Delivering a PEAK performance: Center on Aging improves Kansas nursing home care
By Beth Bohn
Leonardville Nursing Home in Leonardville, Kansas, has achieved sustained person-centered care home status through the PEAK 2.0 program offered by the Kansas Department of Aging and Disability Services and developed and operated by the Center on Aging at Kansas State University. In the above photo, Gayle Doll, left, director of the Center on Aging, and Laci Cornelison, PEAK 2.0 director, meet with a Leonardville Nursing Home resident.
The Center on Aging at Kansas State University is proving that Kansas nursing home and long-term care facilities in PEAK condition are delivering better care to their residents.
PEAK stands for Promoting Excellent Alternatives in Kansas and is the first-ever Medicaid pay-for-performance incentive program for person-centered care. The program launched in 2002 by the Center on Aging under a contract with the Kansas Department for Aging and Disability Services and is now called PEAK 2.0.
“Nursing homes have been notoriously known as places that nobody wants to go,” said Laci Cornelison, director of PEAK 2.0 and a research associate with the Center on Aging. “Part of that is feeling like a person loses all of their autonomy and rights when they become a nursing home resident. The K-State Center on Aging PEAK program is really about helping homes changes their service models so that they can be individualized to each person, and that the homes can provide services around what each resident wants.”
Under PEAK 2.0, K-State is helping homes in Olathe, Topeka and all around Kansas engage in system changes to support person-centered care or demonstrate implementation of person-centered care to receive financial incentives through Medicaid reimbursements from the state of Kansas.
PEAK 2.0 also is the first program able to measure the quality of nursing home care at various levels of person-centered care adoption, said Gayle Doll, director of the Center on Aging. Doll has been involved with PEAK almost from its start.
“Before PEAK 2.0, a single home could be found to be doing a nice job overall, but that really couldn’t be used for comparison purposes,” Doll said. “PEAK 2.0 changed that by creating a structured program, standard definitions of care and a rigorous evaluation process.”
The Leonardville Nursing Home in Leonardville, Kansas, has achieved sustained person-centered care home status through the PEAK 2.0 program offered by the Kansas Department of Aging and Disability Services and developed and operated by the Center on Aging at Kansas State University. Above: A Leonardville Nursing Home resident, left, meets with Gayle Doll, center, director of the Center on Aging, and Laci Cornelison, PEAK 2.0 director. Center and far right: Cornelison and Doll spend time with residents of the Leonardville Nursing Home.
PEAK 2.0 data shows person-centered care is having positive effects on nursing home residents.
“What we’re finding is that satisfaction increases in homes that have fully adopted person-centered care,” Cornelison said. “We’re finding that pressure ulcers are going down, that urinary tract infections are going down and that depression rates go down.”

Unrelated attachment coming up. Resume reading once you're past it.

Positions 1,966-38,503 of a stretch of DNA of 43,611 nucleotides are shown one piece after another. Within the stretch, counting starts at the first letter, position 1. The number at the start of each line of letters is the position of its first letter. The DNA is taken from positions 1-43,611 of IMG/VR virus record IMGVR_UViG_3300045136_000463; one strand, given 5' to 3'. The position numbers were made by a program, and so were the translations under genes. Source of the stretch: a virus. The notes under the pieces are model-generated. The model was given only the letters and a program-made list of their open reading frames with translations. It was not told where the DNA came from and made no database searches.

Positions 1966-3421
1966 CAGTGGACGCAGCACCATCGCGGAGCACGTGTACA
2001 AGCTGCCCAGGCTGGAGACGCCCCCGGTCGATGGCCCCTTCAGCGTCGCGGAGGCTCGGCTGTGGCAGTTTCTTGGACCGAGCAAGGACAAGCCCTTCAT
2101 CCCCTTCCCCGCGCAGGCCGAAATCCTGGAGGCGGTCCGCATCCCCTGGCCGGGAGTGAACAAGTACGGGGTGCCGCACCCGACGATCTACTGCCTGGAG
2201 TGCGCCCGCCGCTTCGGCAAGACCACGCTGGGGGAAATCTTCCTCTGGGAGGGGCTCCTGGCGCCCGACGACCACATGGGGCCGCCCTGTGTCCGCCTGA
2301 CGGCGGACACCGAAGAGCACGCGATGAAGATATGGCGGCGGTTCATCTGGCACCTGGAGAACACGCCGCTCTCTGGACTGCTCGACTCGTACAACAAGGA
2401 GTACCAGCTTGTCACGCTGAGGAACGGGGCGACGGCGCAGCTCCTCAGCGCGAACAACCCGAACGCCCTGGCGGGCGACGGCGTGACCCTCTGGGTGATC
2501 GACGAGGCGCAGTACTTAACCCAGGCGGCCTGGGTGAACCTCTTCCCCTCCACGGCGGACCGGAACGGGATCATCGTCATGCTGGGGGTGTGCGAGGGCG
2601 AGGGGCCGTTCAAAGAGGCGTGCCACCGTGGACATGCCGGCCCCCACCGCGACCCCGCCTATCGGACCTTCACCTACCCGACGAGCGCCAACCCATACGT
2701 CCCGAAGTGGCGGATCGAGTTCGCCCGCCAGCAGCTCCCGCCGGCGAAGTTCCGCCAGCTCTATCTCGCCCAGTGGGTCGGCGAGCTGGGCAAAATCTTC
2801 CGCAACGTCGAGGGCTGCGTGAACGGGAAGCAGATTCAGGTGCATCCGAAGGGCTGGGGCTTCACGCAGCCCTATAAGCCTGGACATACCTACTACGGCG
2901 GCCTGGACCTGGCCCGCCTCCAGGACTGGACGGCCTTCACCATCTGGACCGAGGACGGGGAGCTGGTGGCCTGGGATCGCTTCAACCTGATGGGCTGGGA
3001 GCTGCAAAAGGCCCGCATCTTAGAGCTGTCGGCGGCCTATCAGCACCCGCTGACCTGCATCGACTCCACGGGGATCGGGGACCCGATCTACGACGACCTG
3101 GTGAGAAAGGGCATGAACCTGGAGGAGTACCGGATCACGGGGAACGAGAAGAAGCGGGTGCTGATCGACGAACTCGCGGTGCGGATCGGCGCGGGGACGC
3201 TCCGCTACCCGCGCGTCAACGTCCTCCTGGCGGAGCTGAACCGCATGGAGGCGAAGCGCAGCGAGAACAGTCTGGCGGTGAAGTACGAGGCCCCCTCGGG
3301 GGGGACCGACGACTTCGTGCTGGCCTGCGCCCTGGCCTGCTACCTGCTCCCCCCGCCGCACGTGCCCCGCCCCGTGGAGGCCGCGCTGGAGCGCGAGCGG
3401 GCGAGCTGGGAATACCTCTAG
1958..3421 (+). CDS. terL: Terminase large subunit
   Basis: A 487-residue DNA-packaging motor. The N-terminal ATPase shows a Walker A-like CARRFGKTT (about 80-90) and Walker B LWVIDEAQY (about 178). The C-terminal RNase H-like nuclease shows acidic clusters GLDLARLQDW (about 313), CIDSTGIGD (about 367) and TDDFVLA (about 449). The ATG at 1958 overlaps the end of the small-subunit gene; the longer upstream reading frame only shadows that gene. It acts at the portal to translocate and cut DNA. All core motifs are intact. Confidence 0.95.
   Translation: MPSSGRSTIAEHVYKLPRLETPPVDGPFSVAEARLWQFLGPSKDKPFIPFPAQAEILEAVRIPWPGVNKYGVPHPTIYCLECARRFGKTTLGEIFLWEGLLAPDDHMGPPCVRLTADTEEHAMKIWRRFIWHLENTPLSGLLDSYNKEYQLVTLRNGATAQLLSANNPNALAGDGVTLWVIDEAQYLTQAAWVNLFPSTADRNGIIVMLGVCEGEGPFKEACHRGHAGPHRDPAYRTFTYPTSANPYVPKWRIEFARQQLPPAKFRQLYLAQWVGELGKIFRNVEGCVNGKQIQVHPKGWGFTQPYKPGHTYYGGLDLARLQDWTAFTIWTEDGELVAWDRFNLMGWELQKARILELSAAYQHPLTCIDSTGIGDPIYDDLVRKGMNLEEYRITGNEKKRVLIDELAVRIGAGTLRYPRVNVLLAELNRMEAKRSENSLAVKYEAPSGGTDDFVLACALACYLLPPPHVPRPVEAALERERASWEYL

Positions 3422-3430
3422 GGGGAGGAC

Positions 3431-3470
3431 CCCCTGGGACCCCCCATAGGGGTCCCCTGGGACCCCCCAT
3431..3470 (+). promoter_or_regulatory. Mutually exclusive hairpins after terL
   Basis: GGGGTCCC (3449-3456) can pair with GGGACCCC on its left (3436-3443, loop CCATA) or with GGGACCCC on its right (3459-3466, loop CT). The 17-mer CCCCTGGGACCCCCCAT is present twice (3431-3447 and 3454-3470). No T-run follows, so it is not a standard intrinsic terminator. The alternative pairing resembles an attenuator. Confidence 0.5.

Results are more variable but show promise for PEAK 2.0 homes and their incidences of incontinence, antipsychotic use and vaccinations for influenza and pneumonia, as well.
“The data reveals that the PEAK 2.0 program creates a significant impact on the health and satisfaction of residents who live in PEAK participant homes,” Doll said. “These results demonstrate that Kansas has implemented one of the most effective and impactful pay-for-performance programs in the U.S.”
The Center on Aging is responsible for oversight, evaluation, assessment and related paperwork of PEAK 2.0. Cornelison, as full-time director, oversees two K-State graduate students who work on the program and five consultants who travel to the nursing homes and help with evaluations. Doll is co-principal investigator on PEAK. Environment and aging expert Migette Kaup, a professor of apparel, textiles, and interior design at K-State, is co-principal investigator.
When nursing homes enroll in the PEAK 2.0 program, they take an assessment to see where they are in terms of providing person-centered care and are given access to a number of resources, including training, on-site visits, Zoom meetings, web resources and more. The Center on Aging evaluates homes on their progress in PEAK 2.0 using a variety of quality measures. The data also is used to measure nursing homes enrolled in the program against homes that aren’t enrolled.
Cornelison and Doll are optimistic that the clinical proof the Center on Aging has collected will show lawmakers and state government leaders that the program is a success and worth continued funding. “PEAK is unique to any other state,” Cornelison said. “Our website publishes homes that are engaged in the program and homes that are engaged in those upper levels. It’s important to get this information out to consumers as it can be really valuable in helping them select a nursing home or long-term care facility.”
PEAK 2.0 is just one way the Center on Aging seeks to make life better for the elderly. Doll has earned national attention for her research on sexuality and aging, sexual expression in long-term care settings and the impact of ageism on sexual well-being. Another center project studied an all-day kindergarten classroom at a Kansas nursing home where residents took part in classroom activities.